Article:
In a March 28, 2011 article in Nikkei Business magazine Dr. Fumikatsu Tokiwa, the former Chairman of Japanese cosmetics giant Kao Corporation, gave his views on principles that should guide the recovery of Japanese industry in the aftermath of the recent natural disasters. There are six principles and while these are specific to Dr. Tokiwa’s experience with Japanese companies and consumers, we can draw broader and even universal lessons from them.
Principle 1. Take the opportunity to change our values about making things
What he means by this rather general statement is that people have become completely accustomed to living with plenty and have lost a sense of gratitude for what they have, always wanting more. He places the responsibility for this in part on manufacturing industry itself, which has pursued profit growth by “quantity over quality”. He criticizes the habit of product differentiation through increased features as being technology-driven, rather than focused on customer needs. As a result not only are the products suboptimal, the production methods and even the use of energy and resources has become suboptimal.
In other words, we are very wasteful as consumers and producers, and should take this moment to recalibrate our values.
Principle 2. See the other side: yin and yang
There is more than one perspective and all things should be studied from the opposite pole – a yin for a yang. Surprisingly, Dr. Tokiwa takes issue with lean thinking, identifying “visualization” within manufacturing businesses as a having the unintended consequence of discarding that which cannot be visualized, such as human experience and “heart”.
While he states he is in favor of visual management in principle, he faults the manufacturing management practice of only visualizing what is easy: performance metrics and financial data. He places “heart” at the opposite pole of efficiency, yin and yang, an important reminder to place people in the center when building or rebuilding any industry.
Principle 3. Remember that goods and services are inseparable
The scenes of deprivation in the disaster-struck parts of Japan is especially striking because it is one of the most developed countries with high standards of living, with an abundance of goods and conveniences. These disasters showed us that production power is not enough, lacking logistics to get the goods to point of consumption it is practically useless. The experience of consuming any product is always the combination of the hard and the soft, the goods and the services. When rebuilding industry, Dr. Tokiwa reminds us that we must think of the customer experience and redesign the entire supply chain, rather than simply the industrial parks.
Principle 4. Consider where to locate manufacturing hubs
There are three specific bits advice from Dr. Tokiwa. First is to learn from the vulnerability of having so many manufacturing facilities of a similar type in a small region and instead disperse them geographically in Japan. Second is to maintain the network and cooperation among companies which allowed many factories to start up quickly after the disaster. The third is to avoid off-shoring manufacturing in pursuit of low costs and instead keep factories within Japan or regions where rapid recovery efforts can be effectively taken. The general lesson we can draw from these points is that we need to design our supply chains with an understanding of risk factors, both frequency and severity, and build an appropriately resilient network with cost being an important but not the sole deciding factor.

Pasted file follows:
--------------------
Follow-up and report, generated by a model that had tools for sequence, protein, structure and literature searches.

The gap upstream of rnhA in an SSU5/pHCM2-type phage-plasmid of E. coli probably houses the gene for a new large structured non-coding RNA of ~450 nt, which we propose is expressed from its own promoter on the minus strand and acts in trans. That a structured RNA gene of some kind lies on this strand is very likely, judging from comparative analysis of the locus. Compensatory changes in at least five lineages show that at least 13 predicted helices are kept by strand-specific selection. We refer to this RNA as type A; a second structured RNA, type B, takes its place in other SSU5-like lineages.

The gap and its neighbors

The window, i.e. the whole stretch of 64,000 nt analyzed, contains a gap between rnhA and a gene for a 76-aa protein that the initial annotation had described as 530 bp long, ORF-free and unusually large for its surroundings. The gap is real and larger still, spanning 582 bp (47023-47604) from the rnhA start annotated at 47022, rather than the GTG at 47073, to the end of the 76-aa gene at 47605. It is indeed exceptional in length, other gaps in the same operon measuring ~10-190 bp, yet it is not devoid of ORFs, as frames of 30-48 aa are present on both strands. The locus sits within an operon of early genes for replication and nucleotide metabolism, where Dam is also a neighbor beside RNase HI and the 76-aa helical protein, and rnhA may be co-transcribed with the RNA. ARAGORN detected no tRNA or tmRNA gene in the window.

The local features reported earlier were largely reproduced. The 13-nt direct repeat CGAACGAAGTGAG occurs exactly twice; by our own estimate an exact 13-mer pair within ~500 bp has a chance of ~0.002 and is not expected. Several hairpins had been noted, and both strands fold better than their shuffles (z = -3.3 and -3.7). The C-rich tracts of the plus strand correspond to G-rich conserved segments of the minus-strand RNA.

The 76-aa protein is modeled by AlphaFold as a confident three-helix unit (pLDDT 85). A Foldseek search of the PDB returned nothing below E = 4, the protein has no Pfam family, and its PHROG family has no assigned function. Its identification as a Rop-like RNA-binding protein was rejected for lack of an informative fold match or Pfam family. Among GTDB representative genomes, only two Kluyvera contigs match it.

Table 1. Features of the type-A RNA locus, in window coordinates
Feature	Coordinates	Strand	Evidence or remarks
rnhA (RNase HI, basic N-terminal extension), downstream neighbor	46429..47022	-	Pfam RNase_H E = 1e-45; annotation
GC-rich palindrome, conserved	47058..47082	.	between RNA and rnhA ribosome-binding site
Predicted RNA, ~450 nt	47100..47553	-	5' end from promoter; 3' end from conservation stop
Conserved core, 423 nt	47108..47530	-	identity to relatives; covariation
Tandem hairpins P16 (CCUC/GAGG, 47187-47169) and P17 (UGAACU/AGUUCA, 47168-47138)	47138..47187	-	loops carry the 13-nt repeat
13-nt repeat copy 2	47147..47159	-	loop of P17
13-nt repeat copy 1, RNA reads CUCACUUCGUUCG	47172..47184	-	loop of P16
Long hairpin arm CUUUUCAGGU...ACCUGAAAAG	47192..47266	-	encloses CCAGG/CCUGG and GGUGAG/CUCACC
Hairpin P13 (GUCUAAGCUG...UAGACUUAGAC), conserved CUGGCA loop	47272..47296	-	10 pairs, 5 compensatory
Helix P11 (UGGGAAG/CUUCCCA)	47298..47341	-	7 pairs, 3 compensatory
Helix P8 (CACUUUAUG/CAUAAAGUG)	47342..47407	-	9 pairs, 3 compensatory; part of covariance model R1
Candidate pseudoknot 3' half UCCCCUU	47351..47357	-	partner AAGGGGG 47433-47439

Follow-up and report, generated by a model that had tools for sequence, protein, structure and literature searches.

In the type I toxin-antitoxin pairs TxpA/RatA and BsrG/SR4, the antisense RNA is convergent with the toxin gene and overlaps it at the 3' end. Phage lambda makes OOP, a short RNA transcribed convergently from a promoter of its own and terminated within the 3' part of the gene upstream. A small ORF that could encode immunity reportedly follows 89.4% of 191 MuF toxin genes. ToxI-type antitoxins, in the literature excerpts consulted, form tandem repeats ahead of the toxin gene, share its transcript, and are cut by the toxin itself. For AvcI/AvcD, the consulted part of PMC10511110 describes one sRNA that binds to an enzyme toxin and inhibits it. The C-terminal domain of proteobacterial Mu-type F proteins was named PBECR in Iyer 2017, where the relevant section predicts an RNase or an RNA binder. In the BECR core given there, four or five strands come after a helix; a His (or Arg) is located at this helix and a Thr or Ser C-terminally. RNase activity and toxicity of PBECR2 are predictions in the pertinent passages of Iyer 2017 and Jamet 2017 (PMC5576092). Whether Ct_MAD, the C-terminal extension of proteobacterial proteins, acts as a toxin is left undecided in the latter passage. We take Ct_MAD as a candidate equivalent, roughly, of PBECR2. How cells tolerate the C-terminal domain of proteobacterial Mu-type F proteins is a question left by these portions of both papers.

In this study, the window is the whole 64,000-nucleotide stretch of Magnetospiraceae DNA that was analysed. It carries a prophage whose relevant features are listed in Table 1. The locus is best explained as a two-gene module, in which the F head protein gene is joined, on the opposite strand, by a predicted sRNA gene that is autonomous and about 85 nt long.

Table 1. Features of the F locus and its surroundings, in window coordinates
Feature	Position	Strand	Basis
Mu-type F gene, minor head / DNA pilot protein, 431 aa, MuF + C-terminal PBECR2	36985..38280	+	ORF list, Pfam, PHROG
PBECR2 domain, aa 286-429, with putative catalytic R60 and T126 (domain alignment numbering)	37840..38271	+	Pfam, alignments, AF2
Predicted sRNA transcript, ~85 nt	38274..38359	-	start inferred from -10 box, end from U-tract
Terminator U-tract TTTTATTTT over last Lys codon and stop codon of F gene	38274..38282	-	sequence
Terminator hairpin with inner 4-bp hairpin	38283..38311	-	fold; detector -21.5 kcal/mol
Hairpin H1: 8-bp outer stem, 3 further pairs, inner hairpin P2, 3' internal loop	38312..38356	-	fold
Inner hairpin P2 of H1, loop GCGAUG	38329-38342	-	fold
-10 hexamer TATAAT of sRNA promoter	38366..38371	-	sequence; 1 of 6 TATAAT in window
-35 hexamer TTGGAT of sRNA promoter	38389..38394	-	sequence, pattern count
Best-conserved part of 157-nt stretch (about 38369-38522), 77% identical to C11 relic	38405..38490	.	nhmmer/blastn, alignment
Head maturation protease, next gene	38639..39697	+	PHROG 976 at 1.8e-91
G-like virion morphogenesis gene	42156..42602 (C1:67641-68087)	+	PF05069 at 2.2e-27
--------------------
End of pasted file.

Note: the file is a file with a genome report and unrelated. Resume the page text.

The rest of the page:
Principle 5. Put the focus back on the people on the gemba
Dr. Tokiwa explains that the core strength of Japanese industry has been the cooperation between management and the front line workers. He cites the kaizen and the practice of developing people as essential to Japan reputation for quality. He observes that this tradition has been weakened recently in the name of restructuring and cost reduction. He says that strong leadership to collect and focus the ideas and energy of the people on the gemba is all the more necessary in the midst of natural disasters and confusion.
Principle 6. Recover the long-term thinking philosophy in manufacturing
Kao Corporation was founded in 1887. They have survived for 124 years in part because of this long-term philosophy and an heavy investment in research and development. In fact long-term focused basic R&D was the foundation of many innovative products and technologies that came from Japanese industry. Dr. Tokiwa warns against the trend towards American-style management stressing transparency and visualization of metrics, resulting in quarterly business performance evaluation and short-term thinking. While much of the article is from a Japanese perspective and a reflection on Japanese manufacturing industry in this time of crisis, Dr. Tokiwa does remind the readers that we a live in a world today in which we are all connected and that no nation can survive alone in the long-term. Redesign and successfully recovery of industry must considering the broadest perspective.
These same principles for recovery in time of crisis apply to any industry or sector, to some extent even to rebuilding personal careers, families and lives after the disruption from the recent natural disasters. Friends and family members of mine who are volunteering in the recovery efforts in northeast Japan would agree that long-term thinking, putting the focus back on people and seeing the light (yang) in the darkness (yin) are essential principles for both personal and industrial recovery.
Natural disaster or no, there are plenty of industries today that need radical rethinking and rebuilding in the United States, from healthcare to the role of government, education to the penal system, the financial sector to agriculture. We would be wise to get to work on these areas before receiving the encouragement of mother nature’s smashing force.